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Sep 17, 2019

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A machine learning approach to estimate customer churn.

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A machine learning approach to estimate customer churn.

© All Rights Reserved

- STAT 231 Course Notes Winter
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You are on page 1of 17

August 1, 2018

Contents

1 Introduction 2

1.1 Project Description . . . . . . . . . . . . . . . . . . . . . . . . . . . . . . . . . . . . . 2

1.2 Problem statement . . . . . . . . . . . . . . . . . . . . . . . . . . . . . . . . . . . . . 2

1.3 Data . . . . . . . . . . . . . . . . . . . . . . . . . . . . . . . . . . . . . . . . . . . . . 2

2 Methodology 4

2.1 Pre Processing . . . . . . . . . . . . . . . . . . . . . . . . . . . . . . . . . . . . . . . 4

2.1.1 Outlier Analysis . . . . . . . . . . . . . . . . . . . . . . . . . . . . . . . . . . 4

2.1.2 Feature Selection . . . . . . . . . . . . . . . . . . . . . . . . . . . . . . . . . . 8

2.1.3 Feature Scaling . . . . . . . . . . . . . . . . . . . . . . . . . . . . . . . . . . . 9

2.2 Modeling . . . . . . . . . . . . . . . . . . . . . . . . . . . . . . . . . . . . . . . . . . 10

2.2.1 Model Selection . . . . . . . . . . . . . . . . . . . . . . . . . . . . . . . . . . . 10

2.2.2 Decision Tree . . . . . . . . . . . . . . . . . . . . . . . . . . . . . . . . . . . . 10

2.2.3 Random Forest . . . . . . . . . . . . . . . . . . . . . . . . . . . . . . . . . . . 11

2.2.4 KNN . . . . . . . . . . . . . . . . . . . . . . . . . . . . . . . . . . . . . . . . . 11

2.2.5 Naı̈ve Bayes . . . . . . . . . . . . . . . . . . . . . . . . . . . . . . . . . . . . . 11

2.2.6 Logistic Regression . . . . . . . . . . . . . . . . . . . . . . . . . . . . . . . . . 12

3 Conclusion 13

3.1 Model Evaluation . . . . . . . . . . . . . . . . . . . . . . . . . . . . . . . . . . . . . . 13

3.1.1 Accuracy . . . . . . . . . . . . . . . . . . . . . . . . . . . . . . . . . . . . . . 13

3.1.2 False Negative Rate . . . . . . . . . . . . . . . . . . . . . . . . . . . . . . . . 13

3.2 Model Selection . . . . . . . . . . . . . . . . . . . . . . . . . . . . . . . . . . . . . . . 14

A R Code 15

B Python Code 16

1

Chapter 1

Introduction

Churn (loss of customers to competition) is a problem for companies because it is more expensive

to acquire a new customer than to keep your existing one from leaving. This problem statement is

targeted at enabling churn reduction using analytics concepts.

The objective of this Case is to predict customer behaviour. We are providing you a public dataset

that has customer usage pattern and if the customer has moved or not. We expect you to develop

an algorithm to predict the churn score based on usage pattern.

Target Variable : Churn: if the customer has moved (1=yes; 0 = no)

1.3 Data

Our task is to build classification models which will classify whether customer will move out or not

depending on various factors given in the data. Given below is set of predictor variables given to

classify the customer churn and the data for churn Reduction Classification.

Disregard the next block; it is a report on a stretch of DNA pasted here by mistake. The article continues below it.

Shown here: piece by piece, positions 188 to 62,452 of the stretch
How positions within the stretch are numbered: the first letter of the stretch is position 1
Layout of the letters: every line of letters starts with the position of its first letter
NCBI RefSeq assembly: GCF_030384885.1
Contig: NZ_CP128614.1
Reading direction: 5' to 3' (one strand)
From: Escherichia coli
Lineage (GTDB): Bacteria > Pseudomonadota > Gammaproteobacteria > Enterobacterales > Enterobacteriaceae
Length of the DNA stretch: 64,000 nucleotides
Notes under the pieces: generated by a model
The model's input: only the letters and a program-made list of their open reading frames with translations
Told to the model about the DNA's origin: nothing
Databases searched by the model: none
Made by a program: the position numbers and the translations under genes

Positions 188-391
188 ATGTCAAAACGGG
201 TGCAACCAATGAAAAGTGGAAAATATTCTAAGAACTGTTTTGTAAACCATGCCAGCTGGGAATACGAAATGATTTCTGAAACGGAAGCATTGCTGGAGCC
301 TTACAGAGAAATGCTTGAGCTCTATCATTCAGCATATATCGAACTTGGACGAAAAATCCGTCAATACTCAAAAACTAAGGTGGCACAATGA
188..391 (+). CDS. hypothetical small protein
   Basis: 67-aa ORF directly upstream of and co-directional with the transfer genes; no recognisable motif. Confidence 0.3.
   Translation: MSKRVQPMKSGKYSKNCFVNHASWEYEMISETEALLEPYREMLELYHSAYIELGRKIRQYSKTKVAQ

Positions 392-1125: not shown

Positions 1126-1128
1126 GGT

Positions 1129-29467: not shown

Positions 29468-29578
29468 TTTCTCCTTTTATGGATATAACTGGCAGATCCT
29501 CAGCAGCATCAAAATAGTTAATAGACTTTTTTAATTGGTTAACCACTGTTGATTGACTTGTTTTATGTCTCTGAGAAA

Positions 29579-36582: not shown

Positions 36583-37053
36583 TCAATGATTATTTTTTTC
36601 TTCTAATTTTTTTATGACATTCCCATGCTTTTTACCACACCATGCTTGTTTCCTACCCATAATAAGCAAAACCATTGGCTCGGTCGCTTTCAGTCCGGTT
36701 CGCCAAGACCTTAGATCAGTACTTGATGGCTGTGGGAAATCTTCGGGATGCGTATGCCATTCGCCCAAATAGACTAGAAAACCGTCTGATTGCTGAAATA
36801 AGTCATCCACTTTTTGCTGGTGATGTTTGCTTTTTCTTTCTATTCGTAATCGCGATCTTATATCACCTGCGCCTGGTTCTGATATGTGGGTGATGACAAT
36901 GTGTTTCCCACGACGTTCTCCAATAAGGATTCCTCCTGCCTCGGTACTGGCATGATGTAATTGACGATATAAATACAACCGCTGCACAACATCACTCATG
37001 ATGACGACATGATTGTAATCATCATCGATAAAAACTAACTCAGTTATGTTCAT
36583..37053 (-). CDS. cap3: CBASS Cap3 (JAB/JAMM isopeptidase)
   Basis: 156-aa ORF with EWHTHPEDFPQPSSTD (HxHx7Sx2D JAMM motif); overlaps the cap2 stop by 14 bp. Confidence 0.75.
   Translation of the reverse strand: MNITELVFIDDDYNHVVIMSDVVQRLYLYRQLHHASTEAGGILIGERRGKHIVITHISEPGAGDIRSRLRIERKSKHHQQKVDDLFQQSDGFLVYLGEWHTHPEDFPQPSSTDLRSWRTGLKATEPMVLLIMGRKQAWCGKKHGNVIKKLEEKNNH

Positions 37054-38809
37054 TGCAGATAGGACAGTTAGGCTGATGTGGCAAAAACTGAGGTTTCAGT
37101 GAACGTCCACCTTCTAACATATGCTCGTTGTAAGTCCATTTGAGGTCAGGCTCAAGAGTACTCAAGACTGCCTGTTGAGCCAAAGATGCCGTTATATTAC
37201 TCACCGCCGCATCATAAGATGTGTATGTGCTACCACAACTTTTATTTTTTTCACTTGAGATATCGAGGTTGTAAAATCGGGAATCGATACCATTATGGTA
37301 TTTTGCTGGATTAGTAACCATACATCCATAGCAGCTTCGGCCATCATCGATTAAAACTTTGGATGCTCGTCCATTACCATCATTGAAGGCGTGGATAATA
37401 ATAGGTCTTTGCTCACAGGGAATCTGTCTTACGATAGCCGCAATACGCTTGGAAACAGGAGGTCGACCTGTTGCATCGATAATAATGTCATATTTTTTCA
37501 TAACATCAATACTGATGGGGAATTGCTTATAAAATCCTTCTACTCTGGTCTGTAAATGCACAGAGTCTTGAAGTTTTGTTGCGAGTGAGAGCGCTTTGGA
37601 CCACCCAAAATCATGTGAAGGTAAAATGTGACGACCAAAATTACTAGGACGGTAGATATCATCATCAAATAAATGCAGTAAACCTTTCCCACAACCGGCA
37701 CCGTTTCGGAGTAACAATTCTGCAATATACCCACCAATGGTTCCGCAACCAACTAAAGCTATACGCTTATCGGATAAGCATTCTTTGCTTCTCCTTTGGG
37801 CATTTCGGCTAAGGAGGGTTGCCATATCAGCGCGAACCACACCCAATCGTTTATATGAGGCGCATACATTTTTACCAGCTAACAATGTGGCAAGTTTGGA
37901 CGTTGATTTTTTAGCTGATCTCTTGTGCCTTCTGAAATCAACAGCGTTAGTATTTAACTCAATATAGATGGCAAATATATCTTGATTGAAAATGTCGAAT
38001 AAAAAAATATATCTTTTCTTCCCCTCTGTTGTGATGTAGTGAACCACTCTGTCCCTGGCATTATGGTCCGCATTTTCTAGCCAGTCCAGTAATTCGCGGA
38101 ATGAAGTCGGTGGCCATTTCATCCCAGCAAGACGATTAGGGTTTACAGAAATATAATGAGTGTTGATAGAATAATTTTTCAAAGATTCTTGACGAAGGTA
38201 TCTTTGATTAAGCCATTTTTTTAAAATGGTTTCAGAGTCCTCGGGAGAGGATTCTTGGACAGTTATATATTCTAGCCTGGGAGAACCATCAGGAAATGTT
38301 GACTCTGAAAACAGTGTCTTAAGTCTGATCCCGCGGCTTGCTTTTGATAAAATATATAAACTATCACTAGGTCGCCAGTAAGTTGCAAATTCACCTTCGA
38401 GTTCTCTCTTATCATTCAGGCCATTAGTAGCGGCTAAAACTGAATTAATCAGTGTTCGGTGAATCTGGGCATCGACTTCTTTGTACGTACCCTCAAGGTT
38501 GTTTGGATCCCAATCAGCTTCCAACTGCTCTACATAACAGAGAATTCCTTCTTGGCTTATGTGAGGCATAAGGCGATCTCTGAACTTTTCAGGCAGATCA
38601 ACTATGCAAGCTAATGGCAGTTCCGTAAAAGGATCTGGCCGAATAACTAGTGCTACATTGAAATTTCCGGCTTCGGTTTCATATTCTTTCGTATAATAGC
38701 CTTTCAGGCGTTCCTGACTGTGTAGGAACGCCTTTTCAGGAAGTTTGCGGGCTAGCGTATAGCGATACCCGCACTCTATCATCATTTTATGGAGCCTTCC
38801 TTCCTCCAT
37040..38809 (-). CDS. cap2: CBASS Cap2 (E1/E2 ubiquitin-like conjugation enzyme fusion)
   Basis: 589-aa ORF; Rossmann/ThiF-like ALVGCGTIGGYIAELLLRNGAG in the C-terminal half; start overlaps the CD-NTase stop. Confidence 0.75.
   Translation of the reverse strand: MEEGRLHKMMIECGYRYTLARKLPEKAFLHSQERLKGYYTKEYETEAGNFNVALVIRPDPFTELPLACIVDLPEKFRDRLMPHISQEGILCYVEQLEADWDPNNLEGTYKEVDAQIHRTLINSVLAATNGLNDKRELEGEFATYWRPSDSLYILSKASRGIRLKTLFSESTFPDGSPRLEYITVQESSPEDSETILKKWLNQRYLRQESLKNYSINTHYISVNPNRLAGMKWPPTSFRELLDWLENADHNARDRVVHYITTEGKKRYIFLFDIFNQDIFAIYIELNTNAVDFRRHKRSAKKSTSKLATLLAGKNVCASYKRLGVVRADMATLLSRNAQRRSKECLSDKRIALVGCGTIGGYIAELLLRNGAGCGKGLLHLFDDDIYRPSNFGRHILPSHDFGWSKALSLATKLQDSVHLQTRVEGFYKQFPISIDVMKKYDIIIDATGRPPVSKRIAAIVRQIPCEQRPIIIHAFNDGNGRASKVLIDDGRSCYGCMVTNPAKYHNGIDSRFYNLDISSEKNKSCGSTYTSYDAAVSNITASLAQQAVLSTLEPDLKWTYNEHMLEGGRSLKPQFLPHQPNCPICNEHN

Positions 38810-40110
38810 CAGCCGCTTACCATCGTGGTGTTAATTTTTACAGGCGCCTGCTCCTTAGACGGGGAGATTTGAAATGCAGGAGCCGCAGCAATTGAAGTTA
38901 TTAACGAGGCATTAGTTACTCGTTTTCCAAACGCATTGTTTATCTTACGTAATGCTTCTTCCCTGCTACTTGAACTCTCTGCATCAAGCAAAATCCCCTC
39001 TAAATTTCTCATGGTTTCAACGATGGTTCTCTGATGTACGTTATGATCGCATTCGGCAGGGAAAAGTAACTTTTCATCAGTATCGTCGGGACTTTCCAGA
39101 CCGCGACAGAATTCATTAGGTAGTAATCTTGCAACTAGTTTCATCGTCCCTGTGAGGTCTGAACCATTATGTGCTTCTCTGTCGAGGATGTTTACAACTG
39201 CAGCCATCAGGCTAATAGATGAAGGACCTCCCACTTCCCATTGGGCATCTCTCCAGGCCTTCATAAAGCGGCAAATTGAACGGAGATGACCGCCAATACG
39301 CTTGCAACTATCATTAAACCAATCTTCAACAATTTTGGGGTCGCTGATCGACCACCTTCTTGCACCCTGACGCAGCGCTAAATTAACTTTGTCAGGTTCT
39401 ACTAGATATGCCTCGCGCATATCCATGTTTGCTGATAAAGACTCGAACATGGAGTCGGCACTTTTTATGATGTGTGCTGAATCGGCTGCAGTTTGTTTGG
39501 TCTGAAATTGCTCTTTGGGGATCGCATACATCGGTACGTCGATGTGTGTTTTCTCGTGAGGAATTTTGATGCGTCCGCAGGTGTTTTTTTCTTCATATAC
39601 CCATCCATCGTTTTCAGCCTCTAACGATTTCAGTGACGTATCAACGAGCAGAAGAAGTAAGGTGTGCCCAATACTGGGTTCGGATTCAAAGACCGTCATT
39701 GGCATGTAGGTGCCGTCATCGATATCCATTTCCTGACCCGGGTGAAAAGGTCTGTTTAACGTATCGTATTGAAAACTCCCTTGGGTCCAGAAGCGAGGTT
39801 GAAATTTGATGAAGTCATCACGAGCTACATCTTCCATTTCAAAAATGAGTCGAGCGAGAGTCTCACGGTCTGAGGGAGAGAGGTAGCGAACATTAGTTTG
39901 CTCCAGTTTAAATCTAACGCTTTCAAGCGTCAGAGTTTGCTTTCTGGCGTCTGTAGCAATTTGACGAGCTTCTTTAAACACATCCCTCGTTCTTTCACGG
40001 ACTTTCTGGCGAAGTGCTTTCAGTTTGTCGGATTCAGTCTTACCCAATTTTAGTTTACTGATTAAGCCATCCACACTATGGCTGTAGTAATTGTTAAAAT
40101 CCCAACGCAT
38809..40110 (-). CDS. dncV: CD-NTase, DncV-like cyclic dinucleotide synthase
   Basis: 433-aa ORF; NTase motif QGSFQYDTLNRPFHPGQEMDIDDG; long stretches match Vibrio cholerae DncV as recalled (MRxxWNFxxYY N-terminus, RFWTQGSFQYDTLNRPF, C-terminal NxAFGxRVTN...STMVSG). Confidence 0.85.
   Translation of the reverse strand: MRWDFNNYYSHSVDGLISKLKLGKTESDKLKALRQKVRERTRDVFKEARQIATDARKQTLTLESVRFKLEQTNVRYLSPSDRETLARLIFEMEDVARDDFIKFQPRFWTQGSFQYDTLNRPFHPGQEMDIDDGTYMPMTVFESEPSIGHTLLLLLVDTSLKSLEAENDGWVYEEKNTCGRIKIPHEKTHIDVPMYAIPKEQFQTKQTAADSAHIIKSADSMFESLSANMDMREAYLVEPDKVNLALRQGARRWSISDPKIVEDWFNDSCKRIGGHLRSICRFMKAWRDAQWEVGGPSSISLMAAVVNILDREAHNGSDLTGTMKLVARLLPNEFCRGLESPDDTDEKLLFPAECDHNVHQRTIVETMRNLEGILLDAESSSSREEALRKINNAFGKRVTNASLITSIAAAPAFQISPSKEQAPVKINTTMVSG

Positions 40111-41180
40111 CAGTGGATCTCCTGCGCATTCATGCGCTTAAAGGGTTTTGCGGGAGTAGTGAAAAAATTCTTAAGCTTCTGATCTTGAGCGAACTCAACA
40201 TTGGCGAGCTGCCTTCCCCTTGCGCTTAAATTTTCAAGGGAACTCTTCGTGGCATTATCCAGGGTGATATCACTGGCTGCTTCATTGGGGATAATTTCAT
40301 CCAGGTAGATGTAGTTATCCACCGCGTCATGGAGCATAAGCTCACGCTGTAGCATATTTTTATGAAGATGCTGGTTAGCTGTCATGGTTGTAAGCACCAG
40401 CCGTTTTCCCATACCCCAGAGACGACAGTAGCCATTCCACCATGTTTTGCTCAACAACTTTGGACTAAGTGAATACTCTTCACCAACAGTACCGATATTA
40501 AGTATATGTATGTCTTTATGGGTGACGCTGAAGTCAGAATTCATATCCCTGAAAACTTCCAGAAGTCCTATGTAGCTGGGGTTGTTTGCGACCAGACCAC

1 state

2 account length

3 area code

4 phone number

5 international plan

6 voice mail plan

7 number vmail messages

8 total day minutes

9 total day calls

10 total day charge

11 total eve minutes

12 total eve calls

13 total eve charge

14 total night minutes

15 total night calls

16 total night charge

17 total intl minutes

18 total intl calls

19 total intl charge

20 number customer service calls

2

Table 1.2: Churn Reduction sapmle Data (Columns 1-5)

HI 101 510 354-8815 no

MT 137 510 381-7211 no

OH 103 408 411-9481 no

NM 99 415 418-9100 no

SC 108 415 413-3643 no

IA 117 415 375-6180 no

ND 63 415 348-8073 no

voice mail plan number vmail messages total day minutes total day calls total day charge

no 0 70.9 123 12.05

no 0 223.6 86 38.01

yes 29 294.7 95 50.1

no 0 216.8 123 36.86

no 0 197.4 78 33.56

no 0 226.5 85 38.51

yes 32 218.9 124 37.21

total eve minutes total eve calls total eve charge total night minutes total night calls total night charge

211.9 73 18.01 236 73 10.62

244.8 139 20.81 94.2 81 4.24

237.3 105 20.17 300.3 127 13.51

126.4 88 10.74 220.6 82 9.93

124 101 10.54 204.5 107 9.2

141.6 68 12.04 223 90 10.04

214.3 125 18.22 260.3 120 11.71

total intl minutes total intl calls total intl charge number customer service calls Churn

10.6 3 2.86 3 False.

9.5 7 2.57 0 False.

13.7 6 3.7 1 False.

15.7 2 4.24 1 False.

7.7 4 2.08 2 False.

6.9 5 1.86 1 False.

12.9 3 3.48 1 False.

3

Chapter 2

Methodology

Any model requires that we look at the data before we start modeling. However, in data mining

terms looking at data refers to so much more than just looking. Looking at data refers to exploring

the data, cleaning the data as well as visualizing the data through graphs and plots. This is often

called as Exploratory Data Analysis. We can start with looking at the data types and unique values

present in the variables and can make changes in them as per requirement. As we can see that

there are only 3 unique values in “area code” variable and 10 unique values in “number customer

service calls” variable, we can convert them into the categorical variable from numeric type variable

for model simplification. Moreover, to save the memory used we can convert the actual values of

categorical variables into the levels like 0, 1, 2. . . as per number of values present in the variable.

After converting the data as per required types. We can look for distribution of data in particular